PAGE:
The first of two related under-wing projects is a gas gun, aka a "machine gun simulator" in the military reenactor and movie prop worlds. The basic operating principle is simple enough. A timer board controls two solenoid valves and an ignition coil. Oxygen and propane are vented into a chamber, the solenoids close, the coil fires, and the result is a shock wave at the tip of the barrel. There is no projectile, just noise and muzzle flash.
Propane supply is typically one of the standard 1 lb, 4" dia bottles from the camping department. Overall, they are low pressure canisters full of liquid, with actual pressure linked to temperature. High pressure oxygen is a bit more involved. The bottle is charged to 2000 psi, just like breathing oxygen. In this case, I selected a new M6 size bottle, 3.2" dia and 11" long, plus valve.
The regulators are new Victor G150's, modified by changing some of the fittings, plus removing the high pressure gauge and plugging the port. The gas regulator requires an adapter between the propane bottle and the regulator inlet. The propane bottle must be upright so only vapor reaches the outlet; liquid propane shuts down the gun, as the mixture is too rich. I found a 45 degree bottle angle was practical, then assembled fittings and a 1/4 turn valve so as to put the regulator alongside the bottle, inside the taper of the aeroshell's tail.
The O2 bottle can be ordered with a CGA-540 outlet valve so it will couple directly to the Victor regulator. The required transfill hose has male CGA-540 fittings at both ends fill the bottle from a shop oxygen tank.
The timer board, solenoids, and some other detail parts were sourced from Steve Smith (No, not our
Steve Smith. A different one. Apparently there are a lot of them.) Go here: http://www.ww2steel.com/Gasguns/Gasguns.html
So, how to package the above? I started with CAD drawings, moving key bits around to consider the effects on packaging, aero, and structure. In the end, the best configuration was a 4" wide enclosure laid out as three stacked compartments:
The O2 bottle is in the belly, with the butt end extending through a support bulkhead, and the valve end supported by a custom aluminum fitting. The gun compartment has an annular air intake. Cooling air (cyan) flows along the barrel, past a breech block with a heat sink, through a rear bulkhead, then around the propane bottle and out an exit at the underside of the wing. The flow cools the gun and warms the bottle, good for both. The entire compartment is lined with aluminized insulation, although it's probably not needed. The upper compartment contains the board, solenoids, and the ignition coil.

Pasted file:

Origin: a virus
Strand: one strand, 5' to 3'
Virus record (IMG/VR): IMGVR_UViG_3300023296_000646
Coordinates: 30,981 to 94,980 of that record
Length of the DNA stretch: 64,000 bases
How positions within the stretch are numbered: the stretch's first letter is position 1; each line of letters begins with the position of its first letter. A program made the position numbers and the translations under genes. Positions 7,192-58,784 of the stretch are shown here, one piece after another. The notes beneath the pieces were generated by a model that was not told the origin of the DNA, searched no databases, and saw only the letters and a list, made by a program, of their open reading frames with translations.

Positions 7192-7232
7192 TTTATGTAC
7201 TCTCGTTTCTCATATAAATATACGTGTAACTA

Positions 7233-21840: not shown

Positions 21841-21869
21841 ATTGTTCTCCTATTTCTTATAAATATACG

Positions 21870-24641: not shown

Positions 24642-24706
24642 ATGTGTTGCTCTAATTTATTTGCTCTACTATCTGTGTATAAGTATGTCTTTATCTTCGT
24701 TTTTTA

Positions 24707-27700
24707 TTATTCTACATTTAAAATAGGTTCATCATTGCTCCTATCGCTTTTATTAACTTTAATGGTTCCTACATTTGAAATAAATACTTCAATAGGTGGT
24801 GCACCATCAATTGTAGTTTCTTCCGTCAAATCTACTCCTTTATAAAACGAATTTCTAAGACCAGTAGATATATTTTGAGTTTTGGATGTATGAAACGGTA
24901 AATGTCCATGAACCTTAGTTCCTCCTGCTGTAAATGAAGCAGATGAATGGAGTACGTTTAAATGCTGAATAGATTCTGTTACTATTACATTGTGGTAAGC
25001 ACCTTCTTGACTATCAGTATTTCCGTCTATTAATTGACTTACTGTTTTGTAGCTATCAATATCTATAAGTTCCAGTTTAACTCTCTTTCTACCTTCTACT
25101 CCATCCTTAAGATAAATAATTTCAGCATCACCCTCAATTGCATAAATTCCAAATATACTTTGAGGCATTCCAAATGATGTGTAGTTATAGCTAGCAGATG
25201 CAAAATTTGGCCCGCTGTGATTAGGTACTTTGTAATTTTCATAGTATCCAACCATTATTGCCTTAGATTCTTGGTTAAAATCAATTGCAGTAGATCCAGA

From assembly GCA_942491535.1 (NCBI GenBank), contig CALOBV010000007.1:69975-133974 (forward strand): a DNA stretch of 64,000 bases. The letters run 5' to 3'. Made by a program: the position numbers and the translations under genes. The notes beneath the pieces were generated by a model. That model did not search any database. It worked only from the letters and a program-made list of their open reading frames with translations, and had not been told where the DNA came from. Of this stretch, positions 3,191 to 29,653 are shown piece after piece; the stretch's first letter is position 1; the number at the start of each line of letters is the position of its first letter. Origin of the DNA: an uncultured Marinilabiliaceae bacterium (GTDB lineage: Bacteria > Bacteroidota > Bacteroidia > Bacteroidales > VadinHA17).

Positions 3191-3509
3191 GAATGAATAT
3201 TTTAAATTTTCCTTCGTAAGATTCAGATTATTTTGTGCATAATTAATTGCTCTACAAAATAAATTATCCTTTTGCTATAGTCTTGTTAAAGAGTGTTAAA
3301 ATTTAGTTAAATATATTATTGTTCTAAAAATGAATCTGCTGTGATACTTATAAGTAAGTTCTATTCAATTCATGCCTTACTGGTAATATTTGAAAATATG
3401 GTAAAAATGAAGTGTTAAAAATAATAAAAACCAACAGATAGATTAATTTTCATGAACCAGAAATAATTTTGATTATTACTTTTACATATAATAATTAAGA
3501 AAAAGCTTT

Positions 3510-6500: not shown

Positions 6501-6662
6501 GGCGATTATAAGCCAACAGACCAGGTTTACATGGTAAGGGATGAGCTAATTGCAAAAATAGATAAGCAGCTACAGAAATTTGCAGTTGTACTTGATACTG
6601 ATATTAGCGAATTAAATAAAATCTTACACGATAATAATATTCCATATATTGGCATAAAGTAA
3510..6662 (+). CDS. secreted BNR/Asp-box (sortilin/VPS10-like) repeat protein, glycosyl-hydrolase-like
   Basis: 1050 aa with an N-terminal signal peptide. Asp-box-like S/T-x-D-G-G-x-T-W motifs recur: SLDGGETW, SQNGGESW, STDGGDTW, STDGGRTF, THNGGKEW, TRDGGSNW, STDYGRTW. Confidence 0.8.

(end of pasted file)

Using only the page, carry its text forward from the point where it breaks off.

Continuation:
Structure is a glass/epoxy shell with internal bulkheads. The bulkheads and the mounting plate are 2mm Lanter Soric cores with glass face plies. The uppermost floor is a bolt in, allowing access to the gun compartment. The tail comes off for bottle service.
The base shell was created with 4 plies of 5oz BID laid up over a solid foam block. As always, time spent making good forms and molds pays a large dividend later.
Gotta start somewhere. Draw guidelines and rough it out:
Shape with 80 grit blocks and templates:
The shaped block was epoxy coated for sealing, lightly sanded, waxed twice, and sprayed with PVA. Here it is, ready for layup:
The base is temporary. It was cut off. The stacked BID plies were wet out between plastic sheets, draped and smoothed over the form, then covered in peel ply and bleeder ply. The whole thing went into a plastic bag, where it was placed under vacuum for cure. After cure, it was cut into two parts. A few hits with compressed air and the form popped right out, leaving the raw shells.
The cored bulkheads were cut from flat layups cured on the bench. They were bonded in with flox filets and 2 ply layups. The mount plate was molded right on the bottom of the wing to ensure a matched curve. The wing was protected with gloss tape. The layup position was drawn on the tape. The wetted, stacked layup (bleeder ply, peel ply, glass plies, soric core, glass plies, peel ply) was positioned and covered with a 4 mil plastic sheet, the perimeter of which sealed to the wing with sticky tape. Vacuum ensured conformance.
Determining the correct alignments required some jigging on the wing, while trimming the shell to match the mount plate curve. When it was right, the shell was tacked to the plate with a few dots of five minute epoxy, then taken home for the connecting layups.